Giorgio Morandi was born in Bologna on 20 July, 1890. He was one of the most representative figures of Italian art in the 20th century.
In 1909, Morandi met Paul Cézanne, of whom the Italian artist had already seen the early reproductions in black and white of 1908. After Cézanne, Morandi’s sources of inspiration during his studies were different artists, like Henri Rousseau and André Derain. He breathed since his youth the modern air that characterized Europe during the Belle époque. Besides this attention towards the French artists of the early 20th century, Morandi developed an interest in great Italian art of the past: in 1910, the young artist went to Florence, where he admired the masterpieces by Giotto, Masaccio, and Paolo Uccello.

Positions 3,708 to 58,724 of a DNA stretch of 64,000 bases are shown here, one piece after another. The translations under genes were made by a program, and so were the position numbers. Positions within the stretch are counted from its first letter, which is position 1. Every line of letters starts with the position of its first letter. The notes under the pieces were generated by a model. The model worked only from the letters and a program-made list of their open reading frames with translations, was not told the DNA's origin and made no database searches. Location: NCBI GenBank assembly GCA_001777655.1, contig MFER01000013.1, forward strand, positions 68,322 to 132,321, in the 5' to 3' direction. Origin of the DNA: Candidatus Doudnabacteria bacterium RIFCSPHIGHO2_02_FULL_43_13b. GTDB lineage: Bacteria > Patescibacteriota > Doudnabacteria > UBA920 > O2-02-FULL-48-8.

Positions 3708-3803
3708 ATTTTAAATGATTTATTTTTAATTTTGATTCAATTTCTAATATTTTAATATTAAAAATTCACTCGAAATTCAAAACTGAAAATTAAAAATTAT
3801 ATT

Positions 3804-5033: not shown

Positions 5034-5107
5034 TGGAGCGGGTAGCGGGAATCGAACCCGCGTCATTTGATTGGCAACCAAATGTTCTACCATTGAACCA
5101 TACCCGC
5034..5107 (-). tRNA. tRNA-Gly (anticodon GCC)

Morandi produced his first prints when he was only 21. The first etching with a declared edition was created in 1912; its subject was the Bridge on the Savena. Many productions by Morandi of that period showed an evident influence of Cézanne's art. The essence of Morandi’s Modernism is exemplified in his etchings, where the artist used images in series. In these compositions, we see him detaching from academic realism and from simplistic imitation of nature. Morandi’s stylistic purpose was the liberation of objects, protagonists of his works, from their usual realities; the Italian artist decided to represent objects ignoring the traditional rules of perspective and of Enlightenment. In Giorgio Morandi’s paintings, there is a complete world. He was a sensitive artist, and he was able to transfer his different emotions to all the depicted subjects (things, flower bouquets, landscapes), reflecting his whole self in his work. Morandi is able to organize graphic signs in different ways, respecting the universal spatiality and plasticity of represented forms.
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